12 Principals of Permaculture

Sharing is caring!

Have you ever heard of Permaculture? It’s not a new concept, but it is one that more and more people are becoming interested in. What is Permaculture, you ask? Principally, it is the design of sustainable human habitats by taking into account the patterns and features of natural ecosystems. 

Permaculture is a branch of agriculture that focuses on creating sustainable systems. The word “permaculture” comes from the combination of “permanent” and “agriculture.” Permaculture systems are designed to be self-sufficient, so that they can continue to produce food and other resources indefinitely.

There are 12 principles of permaculture, which provide a framework for designing and managing these systems. These principles are:

(1) observe and interact;

(2) catch and store energy;

(3) obtain a yield;

(4) apply self-regulation and accept feedback;

(5) use and value renewable resources and services;

(6) produce no waste;

(7) design from patterns to details;

(8) integrate rather than segregate;

(9) use small and slow solutions;

(10) use and value diversity;

(11) use edges and value the marginal; and

(12) creatively use and respond to change.

These principles can be applied in a variety of ways, depending on the specific needs of the system. When used together, they can create a closed loop system that is capable of sustaining itself indefinitely. 

Wondering how this could benefit you? Keep reading to find out!

Disclosure: Some of the links below are affiliate links, meaning, at no additional cost to you, I will earn a commission if you click through and make a purchase. 

1. Observe and Interact with Nature

Observe the land and the systems that are already functioning naturally to help you decide how to make these natural systems work for you.

The central tenet of permaculture is observing and interacting with nature. This means taking the time to get to know the natural systems in your area – the lay of the land, the prevailing winds, the types of plants and animals that live there, and so on.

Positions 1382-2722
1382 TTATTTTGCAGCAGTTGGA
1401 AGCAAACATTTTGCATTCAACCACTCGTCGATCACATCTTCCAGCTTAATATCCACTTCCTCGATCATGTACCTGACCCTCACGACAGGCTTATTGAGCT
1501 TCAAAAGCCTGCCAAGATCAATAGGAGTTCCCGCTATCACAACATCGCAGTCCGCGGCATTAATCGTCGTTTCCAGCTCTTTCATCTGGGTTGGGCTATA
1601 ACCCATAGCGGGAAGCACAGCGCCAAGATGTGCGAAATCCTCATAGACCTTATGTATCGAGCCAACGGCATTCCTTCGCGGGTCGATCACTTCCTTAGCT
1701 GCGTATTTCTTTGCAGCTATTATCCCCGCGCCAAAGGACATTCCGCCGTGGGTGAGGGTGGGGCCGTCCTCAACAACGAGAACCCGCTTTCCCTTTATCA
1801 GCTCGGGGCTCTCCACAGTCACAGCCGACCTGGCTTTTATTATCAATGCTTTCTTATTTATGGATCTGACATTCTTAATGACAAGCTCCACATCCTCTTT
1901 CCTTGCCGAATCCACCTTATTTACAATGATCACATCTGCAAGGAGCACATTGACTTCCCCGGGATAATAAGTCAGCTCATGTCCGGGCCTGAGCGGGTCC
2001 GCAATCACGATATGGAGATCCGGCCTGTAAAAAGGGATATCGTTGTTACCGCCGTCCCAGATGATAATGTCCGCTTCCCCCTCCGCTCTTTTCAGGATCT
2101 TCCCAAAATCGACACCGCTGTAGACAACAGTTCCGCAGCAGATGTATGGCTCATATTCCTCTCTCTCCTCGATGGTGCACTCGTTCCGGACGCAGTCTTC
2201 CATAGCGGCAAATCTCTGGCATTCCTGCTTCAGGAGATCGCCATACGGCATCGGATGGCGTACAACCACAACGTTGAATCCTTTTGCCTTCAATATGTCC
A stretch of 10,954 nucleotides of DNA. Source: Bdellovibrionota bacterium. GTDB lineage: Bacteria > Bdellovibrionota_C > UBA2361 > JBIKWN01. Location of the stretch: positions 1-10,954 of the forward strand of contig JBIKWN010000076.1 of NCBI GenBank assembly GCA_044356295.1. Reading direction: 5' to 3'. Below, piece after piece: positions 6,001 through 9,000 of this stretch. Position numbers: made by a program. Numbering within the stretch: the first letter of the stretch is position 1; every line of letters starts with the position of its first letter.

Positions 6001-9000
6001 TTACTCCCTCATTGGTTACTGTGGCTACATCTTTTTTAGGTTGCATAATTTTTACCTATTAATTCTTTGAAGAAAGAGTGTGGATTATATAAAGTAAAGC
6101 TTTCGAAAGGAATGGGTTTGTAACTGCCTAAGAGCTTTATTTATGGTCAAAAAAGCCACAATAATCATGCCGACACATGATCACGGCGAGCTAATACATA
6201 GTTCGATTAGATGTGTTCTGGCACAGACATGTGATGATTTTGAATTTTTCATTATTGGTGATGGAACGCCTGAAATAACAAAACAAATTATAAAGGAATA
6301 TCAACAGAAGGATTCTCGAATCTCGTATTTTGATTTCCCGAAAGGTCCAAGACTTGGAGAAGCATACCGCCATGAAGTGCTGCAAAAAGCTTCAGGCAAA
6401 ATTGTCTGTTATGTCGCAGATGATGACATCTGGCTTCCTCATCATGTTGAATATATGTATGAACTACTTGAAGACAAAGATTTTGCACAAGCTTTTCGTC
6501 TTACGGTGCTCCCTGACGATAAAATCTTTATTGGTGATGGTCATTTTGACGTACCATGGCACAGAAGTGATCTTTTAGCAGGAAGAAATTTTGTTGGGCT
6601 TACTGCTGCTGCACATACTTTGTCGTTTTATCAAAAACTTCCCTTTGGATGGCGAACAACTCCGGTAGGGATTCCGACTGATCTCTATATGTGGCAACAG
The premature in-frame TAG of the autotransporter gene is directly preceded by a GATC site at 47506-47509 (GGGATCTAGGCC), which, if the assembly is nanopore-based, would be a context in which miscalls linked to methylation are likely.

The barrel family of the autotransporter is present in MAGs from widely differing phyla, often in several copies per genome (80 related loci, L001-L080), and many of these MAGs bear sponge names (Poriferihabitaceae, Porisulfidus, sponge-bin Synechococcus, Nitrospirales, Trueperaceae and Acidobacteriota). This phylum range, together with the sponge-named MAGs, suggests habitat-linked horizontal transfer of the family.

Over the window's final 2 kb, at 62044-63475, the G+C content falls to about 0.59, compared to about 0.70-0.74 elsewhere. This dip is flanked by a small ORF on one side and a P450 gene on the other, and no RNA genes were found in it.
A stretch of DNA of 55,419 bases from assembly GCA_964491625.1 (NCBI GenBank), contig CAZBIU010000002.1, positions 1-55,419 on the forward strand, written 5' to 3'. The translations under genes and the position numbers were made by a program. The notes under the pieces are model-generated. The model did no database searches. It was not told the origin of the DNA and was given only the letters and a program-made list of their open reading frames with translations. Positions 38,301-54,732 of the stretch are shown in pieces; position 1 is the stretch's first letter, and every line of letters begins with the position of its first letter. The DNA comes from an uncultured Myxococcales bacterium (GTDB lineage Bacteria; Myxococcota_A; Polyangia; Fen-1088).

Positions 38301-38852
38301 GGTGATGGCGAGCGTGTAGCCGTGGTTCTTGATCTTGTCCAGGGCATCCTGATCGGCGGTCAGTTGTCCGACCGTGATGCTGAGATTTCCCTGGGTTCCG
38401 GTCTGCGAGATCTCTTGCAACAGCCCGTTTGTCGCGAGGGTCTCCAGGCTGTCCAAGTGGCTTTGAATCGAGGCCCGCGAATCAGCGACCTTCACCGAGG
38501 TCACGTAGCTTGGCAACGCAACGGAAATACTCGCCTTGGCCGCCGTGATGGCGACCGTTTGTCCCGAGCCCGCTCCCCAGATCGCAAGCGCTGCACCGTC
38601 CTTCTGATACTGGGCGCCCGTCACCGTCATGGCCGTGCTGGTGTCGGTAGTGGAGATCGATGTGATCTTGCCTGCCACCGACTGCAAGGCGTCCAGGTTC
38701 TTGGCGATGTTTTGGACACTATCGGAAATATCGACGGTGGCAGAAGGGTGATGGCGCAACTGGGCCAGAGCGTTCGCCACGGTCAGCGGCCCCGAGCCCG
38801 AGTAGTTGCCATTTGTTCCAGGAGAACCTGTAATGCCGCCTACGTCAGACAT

Once you have a good understanding of how your local ecosystem works, you can start to think about ways to work with it, rather than against it. For example, if you want to grow vegetables, you might choose a spot that gets plenty of sunlight and use natural methods to deter pests.

By working with nature, you can create a more sustainable and productive garden.

2. Catch and Store Energy

Collect natural forms of energy when and where they are available to use when needed.

The principal of permaculture is to catch and store energy. The most basic form of this is catching rainwater and storing it in a rain barrel. You can also store energy in the form of food.

Planting fruit trees is a great way to do this. The trees will bear fruit for many years, providing you with a source of fresh food. You can also store energy in the form of heat.

By insulating your home, you can trap heat inside, making your home warmer in the winter and cooler in the summer. By using these simple techniques, you can catch and store energy, making your home more sustainable.

3. Obtain a Yield

The goal of permaculture is ultimately to produce as much food and as many useful resources as possible from your land.